On the whole, I think most reviewers have been too dismissive of the Apple Pencil. There’s no question in my mind that the Apple Pencil is a boon to digital artists. The pinpoint accuracy and the incredible palm rejection make for the very best drawing device I’ve ever used on iOS, but I think the Pencil has a wider appeal than that.
There are lots of pen-and-paper users out there, and I’ve actually spent a fair amount of time and money over the past year in an effort to become one. I acknowledge how silly that sounds, but digital has always been a more comfortable medium for note-taking than a paper notebook, at least as far as I’m concerned. Digital notes can be tagged, duplicated, and synced to any of my devices. I also type far faster than I can write.
But there is no denying there’s a romantic aspect to writing with a real pen, even to a zero-and-one digital loyalist like myself. The scratchiness of a fountain pen on good paper, the sensation of posting a cap before you write, and the way the ink flows over the page — all of these sensations are satisfying in a similar way to typing on a great keyboard. There’s a lot to delight in when you’re writing with quality tools.
This is where the Pencil comes in for me. With the introduction of this accessory, Apple has suddenly given Evernote, Paper, and their own Notes app far greater appeal. There are many instances where text notes don’t fully capture an idea, where a quick diagram would do far more to preserve a memory or train of thought. However, creating these diagrams with any degree of accuracy has always taken extra effort on the iPad. Keeping the palm off of the screen has always been of paramount importance, lest you accidentally activate a multitasking gesture, or leave weird marks on the page from where your palm was resting. All of the third-party stylii with palm rejection only worked about 50% of the time because they were at odds with multitasking gestures built right into iOS. Prior to the Pencil, writing and drawing on iPads always took a considerable degree of contortion to succeed in.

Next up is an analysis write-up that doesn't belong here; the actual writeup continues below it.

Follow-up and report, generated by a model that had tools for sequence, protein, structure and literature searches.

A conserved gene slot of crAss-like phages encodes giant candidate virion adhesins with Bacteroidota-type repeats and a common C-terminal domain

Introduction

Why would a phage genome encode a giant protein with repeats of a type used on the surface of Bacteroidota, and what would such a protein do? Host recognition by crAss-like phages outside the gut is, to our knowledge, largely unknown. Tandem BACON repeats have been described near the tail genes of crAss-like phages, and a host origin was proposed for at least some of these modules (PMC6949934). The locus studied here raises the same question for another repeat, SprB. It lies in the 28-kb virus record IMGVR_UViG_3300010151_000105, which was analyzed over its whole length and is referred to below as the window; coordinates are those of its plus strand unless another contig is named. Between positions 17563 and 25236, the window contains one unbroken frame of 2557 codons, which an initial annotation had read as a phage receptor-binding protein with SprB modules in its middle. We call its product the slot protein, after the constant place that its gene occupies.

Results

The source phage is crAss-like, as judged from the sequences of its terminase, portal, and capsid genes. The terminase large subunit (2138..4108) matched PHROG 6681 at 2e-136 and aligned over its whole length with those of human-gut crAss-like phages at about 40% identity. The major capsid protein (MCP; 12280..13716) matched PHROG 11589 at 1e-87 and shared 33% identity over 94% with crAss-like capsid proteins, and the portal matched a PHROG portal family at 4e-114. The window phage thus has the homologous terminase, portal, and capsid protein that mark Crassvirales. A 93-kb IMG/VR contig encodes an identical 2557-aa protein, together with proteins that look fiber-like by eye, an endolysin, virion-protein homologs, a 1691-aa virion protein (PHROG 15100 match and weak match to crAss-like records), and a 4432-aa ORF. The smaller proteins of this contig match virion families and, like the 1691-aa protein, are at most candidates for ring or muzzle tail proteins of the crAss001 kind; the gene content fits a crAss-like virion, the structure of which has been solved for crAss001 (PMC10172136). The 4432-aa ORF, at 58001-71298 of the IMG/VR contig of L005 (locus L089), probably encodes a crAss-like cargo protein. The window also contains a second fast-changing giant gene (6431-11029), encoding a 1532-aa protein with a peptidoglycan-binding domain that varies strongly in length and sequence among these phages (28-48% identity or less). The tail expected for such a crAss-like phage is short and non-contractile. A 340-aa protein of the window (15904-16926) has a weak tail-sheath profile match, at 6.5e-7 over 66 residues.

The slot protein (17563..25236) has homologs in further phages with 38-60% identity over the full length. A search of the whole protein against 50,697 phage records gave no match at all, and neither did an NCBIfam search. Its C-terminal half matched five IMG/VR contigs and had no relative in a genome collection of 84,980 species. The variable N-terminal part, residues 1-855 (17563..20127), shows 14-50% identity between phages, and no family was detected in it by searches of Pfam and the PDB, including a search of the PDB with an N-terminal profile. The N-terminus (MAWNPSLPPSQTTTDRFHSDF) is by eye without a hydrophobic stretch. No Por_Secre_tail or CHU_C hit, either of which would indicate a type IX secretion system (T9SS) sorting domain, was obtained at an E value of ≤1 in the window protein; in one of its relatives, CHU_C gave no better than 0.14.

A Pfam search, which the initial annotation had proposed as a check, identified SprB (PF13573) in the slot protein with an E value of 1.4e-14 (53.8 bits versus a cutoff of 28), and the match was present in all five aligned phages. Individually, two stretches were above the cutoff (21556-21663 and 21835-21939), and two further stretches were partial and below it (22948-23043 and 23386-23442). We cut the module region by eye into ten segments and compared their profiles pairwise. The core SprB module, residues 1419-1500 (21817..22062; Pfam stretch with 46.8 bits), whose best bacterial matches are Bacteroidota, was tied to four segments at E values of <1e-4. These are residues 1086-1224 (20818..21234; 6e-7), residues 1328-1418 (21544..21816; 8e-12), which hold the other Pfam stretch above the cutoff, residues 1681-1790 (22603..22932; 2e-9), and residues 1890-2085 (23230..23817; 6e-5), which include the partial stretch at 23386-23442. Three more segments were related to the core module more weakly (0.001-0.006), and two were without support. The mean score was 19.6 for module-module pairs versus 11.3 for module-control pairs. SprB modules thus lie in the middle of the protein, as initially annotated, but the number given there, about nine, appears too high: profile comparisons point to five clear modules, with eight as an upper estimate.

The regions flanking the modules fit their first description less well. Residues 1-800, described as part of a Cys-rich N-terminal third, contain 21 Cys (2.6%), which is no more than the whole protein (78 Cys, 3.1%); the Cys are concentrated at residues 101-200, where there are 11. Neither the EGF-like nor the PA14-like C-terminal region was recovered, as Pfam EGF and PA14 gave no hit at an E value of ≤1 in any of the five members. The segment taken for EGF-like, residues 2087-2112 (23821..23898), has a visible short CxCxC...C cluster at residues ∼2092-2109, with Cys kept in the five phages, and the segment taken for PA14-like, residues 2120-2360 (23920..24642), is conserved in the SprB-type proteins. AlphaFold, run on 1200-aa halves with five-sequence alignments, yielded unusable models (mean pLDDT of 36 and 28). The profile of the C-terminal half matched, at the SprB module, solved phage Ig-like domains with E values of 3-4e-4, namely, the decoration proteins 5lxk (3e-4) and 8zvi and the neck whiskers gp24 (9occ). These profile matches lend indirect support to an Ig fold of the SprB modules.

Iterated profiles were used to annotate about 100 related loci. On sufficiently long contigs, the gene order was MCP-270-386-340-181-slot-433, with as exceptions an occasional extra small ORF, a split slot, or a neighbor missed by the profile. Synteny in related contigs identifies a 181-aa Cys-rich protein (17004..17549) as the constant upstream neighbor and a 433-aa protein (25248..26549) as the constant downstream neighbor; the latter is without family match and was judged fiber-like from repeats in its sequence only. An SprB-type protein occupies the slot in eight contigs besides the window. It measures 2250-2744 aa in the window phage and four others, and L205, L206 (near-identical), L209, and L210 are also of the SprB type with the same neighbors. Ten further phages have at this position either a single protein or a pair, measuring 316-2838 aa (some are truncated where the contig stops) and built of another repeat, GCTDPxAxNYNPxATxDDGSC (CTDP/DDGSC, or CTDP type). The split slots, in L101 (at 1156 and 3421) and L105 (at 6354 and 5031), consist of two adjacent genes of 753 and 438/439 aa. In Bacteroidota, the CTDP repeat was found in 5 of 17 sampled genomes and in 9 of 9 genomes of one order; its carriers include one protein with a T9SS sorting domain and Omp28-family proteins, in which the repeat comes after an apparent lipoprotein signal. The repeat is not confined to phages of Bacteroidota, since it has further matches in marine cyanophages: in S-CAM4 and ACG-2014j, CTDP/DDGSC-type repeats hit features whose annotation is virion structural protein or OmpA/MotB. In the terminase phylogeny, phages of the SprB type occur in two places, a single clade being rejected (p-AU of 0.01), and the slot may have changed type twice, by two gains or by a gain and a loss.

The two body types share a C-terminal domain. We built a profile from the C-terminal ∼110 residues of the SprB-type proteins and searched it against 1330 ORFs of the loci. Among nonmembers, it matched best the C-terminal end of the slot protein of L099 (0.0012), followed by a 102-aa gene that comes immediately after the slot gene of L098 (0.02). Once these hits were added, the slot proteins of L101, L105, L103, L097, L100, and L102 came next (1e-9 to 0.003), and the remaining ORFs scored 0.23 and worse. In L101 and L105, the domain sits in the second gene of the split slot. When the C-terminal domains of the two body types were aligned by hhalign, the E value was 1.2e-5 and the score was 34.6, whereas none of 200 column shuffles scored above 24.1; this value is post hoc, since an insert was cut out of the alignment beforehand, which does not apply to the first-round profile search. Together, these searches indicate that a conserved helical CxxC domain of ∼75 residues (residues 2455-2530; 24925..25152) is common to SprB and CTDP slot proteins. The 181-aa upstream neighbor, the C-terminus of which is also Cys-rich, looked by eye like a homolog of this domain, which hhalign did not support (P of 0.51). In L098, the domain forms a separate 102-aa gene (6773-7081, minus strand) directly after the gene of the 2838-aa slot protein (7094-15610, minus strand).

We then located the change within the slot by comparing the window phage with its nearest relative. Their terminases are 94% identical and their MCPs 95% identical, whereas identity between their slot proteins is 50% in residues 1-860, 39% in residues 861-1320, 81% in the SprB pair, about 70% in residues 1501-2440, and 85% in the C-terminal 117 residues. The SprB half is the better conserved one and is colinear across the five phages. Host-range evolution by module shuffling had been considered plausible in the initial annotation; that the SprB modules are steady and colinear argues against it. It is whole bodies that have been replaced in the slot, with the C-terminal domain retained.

Apple’s Pencil is noteworthy because it breaks all of the rules that other stylii had to abide by…and it just works. It has the power to turn metal and glass into something similar enough to paper. I don’t think it’s overdramatic to say that it sets the form factor free. We’ve been able to use iPads as little writing laptops for a few years now, but the Pencil is what allows you to use an iPad like a blank sheet. You can rest your hand anywhere on the screen when you want to write, and drawing feels very natural, especially when you can physically rotate or tilt the entire canvas. This is something that no other iOS or OS X device can do as well, and it’s a a very powerful selling point for the iPad platform.
In preparation for this article, I’ve spent a lot of time on the iPad Pro in a particular set of apps that have fine-tuned their experience with the Pencil.
During the Special Media event yesterday Apple introduced the all new iPad Pro. We already shared how much we love the new form factor, blazing speed of the new A9X processor, performance boosting GPU, and integrated quad speaker system. However, to say this announcement caught most of us a little off-guard is an understatement. It’s not that we weren’t expecting a jumbo size iPad. We heard the rumor mill churning all summer like everyone else. We fully anticipated that Apple would make an announcement some time this summer or early fall. What caught us by surprise was how much we were blown away after watching the keynote. More accurately — how much we tried to convince ourselves we needed an iPad Pro in our lives!
At its core, the iPad Pro is still an iPad — an iPad on steroids, but an iPad nonetheless. So what makes this new model so appealing to both current and potentially new iPad owners? Simply put, we think it’s the sum of its parts, especially the two new accessories Apple designed specifically for the iPad Pro. Right now let’s focus on the Apple Pencil and what functionality it adds to the user experience.